NECAP, the standardized test that’s become a requirement for high school graduation in Rhode Island, may be harder than most people think. A majority of adults who took a portion of the math test last weekend failed to make the grade.
On Saturday 50 adults including elected officials, professionals and community leaders took a portion of the New England Common Assessment Program math test. Thirty people, 60 percent, scored ‘substantially below proficient’, meaning they did not get a high enough score to receive a high school diploma in Rhode Island. The mock test was staged by the Providence Student Union, a group opposed to the test as a graduation requirement.
State Representative Teresa Tanzi of Narragansett was among those who flunked. "The fact that a majority of very successful adults, nearly all of whom have completed college and many of whom have advanced degrees, cannot meet this requirement should make us reconsider whether a NECAP score on its own is an appropriate arbiter for a high school graduation requirement."
Tanzi scored 20 percent out of a possible 100 percent. "For it to be used as a make or break barrier to graduation for thousands of Rhode Island students is simply unacceptable. I can tell you now that after this experience I am more committed than ever to working with my legislative colleagues to find a solution to this crisis, and I do feel this is a crisis that’s looming."
Priscilla Rivera, a junior at Hope High School, acknowledged that the adults hadn’t prepared for the test. But students aren’t being prepared either, she alleges. "For 10, 11 or 12 years we have been taught to different standards. We have not been following a curriculum aligned with this test."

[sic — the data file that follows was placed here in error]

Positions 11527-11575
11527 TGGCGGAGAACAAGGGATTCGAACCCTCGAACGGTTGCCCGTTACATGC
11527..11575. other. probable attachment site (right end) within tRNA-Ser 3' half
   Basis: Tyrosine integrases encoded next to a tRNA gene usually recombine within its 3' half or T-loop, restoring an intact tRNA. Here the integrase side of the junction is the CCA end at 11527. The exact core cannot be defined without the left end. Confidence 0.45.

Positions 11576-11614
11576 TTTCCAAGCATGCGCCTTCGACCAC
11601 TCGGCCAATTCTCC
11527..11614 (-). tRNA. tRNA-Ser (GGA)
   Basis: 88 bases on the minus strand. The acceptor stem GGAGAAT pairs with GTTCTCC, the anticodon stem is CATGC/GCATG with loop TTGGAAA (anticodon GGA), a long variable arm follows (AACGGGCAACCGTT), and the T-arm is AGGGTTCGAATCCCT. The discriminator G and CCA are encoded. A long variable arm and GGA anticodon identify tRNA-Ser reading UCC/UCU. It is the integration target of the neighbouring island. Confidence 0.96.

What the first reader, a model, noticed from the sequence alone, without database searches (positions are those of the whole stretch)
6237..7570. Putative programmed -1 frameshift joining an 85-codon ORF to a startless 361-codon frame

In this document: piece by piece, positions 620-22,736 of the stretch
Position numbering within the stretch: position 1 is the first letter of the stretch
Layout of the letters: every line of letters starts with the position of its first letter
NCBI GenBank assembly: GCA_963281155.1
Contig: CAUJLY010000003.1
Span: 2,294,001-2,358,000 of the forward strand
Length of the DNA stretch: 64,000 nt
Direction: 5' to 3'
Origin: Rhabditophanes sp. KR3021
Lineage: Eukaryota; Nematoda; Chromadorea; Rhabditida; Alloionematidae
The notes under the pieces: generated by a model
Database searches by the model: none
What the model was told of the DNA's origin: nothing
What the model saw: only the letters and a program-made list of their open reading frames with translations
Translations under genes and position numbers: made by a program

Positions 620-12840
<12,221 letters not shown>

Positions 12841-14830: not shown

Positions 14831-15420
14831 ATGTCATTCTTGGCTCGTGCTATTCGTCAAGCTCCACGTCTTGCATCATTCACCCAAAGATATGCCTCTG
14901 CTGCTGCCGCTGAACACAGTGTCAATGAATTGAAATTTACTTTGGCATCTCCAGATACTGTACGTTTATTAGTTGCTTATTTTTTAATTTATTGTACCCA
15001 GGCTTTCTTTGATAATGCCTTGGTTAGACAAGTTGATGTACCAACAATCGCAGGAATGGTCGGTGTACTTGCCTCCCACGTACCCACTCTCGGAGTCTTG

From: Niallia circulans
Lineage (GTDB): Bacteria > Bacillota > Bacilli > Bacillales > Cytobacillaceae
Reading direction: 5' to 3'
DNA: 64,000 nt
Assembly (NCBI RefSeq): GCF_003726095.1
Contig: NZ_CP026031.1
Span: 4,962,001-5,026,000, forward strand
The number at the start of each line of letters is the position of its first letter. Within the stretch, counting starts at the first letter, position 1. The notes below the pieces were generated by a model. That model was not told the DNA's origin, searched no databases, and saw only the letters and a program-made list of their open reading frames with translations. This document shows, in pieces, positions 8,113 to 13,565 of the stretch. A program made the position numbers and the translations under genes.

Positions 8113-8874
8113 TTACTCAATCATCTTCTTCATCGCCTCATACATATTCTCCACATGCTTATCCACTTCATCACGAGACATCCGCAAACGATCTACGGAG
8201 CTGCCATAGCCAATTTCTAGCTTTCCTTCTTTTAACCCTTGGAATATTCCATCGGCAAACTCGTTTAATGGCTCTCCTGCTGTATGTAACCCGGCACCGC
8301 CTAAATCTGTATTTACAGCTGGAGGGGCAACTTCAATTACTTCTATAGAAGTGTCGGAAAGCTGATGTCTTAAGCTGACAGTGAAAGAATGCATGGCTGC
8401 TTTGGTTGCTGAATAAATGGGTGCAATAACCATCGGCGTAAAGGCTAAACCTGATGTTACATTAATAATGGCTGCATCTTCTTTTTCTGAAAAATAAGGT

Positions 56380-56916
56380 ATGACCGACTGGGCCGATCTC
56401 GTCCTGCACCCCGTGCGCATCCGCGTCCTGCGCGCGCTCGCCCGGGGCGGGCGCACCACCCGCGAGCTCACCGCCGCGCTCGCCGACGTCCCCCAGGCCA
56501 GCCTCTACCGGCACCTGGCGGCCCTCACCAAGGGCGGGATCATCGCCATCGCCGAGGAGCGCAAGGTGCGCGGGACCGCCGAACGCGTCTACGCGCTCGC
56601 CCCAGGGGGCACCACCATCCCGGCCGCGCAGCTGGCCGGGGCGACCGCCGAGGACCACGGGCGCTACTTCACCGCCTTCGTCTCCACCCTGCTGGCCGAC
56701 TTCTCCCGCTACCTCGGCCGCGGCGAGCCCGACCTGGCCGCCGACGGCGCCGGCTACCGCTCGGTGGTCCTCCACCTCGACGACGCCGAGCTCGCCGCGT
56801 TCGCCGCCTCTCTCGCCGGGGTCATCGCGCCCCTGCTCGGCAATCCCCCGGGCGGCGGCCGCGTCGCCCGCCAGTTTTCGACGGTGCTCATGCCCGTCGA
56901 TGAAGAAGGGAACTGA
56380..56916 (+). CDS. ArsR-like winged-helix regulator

According to the state Department of Education, 40 percent of Rhode Island’s high school juniors are at risk of not getting a diploma next year because of their performance on the test, commonly known as NECAP. They will have two more chances to take the test and need only show “significant improvement” to pass. Showing significant progress on the test becomes a requirement for high school graduation starting with the class of ’14.
State education officials have denounced the mock test as a publicity stunt that diverts attention from educating kids.
The chair of the Rhode Island Board of Education is blasting the adults who participated in the mock NECAP test. Education Board chair Eva Marie Mancuso says the mock test takes the emphasis off education. "We don’t need a publicity stunt. Everybody knows that change takes time. Everybody knows that these standards are very difficult. There’s no question about that. The question is how do we get our students so that that diploma means something when they leave."
Rhode Island Education Commissioner Deborah Gist was also critical of the mock test. For too long, she says, we have had low expectations for Rhode Island students.
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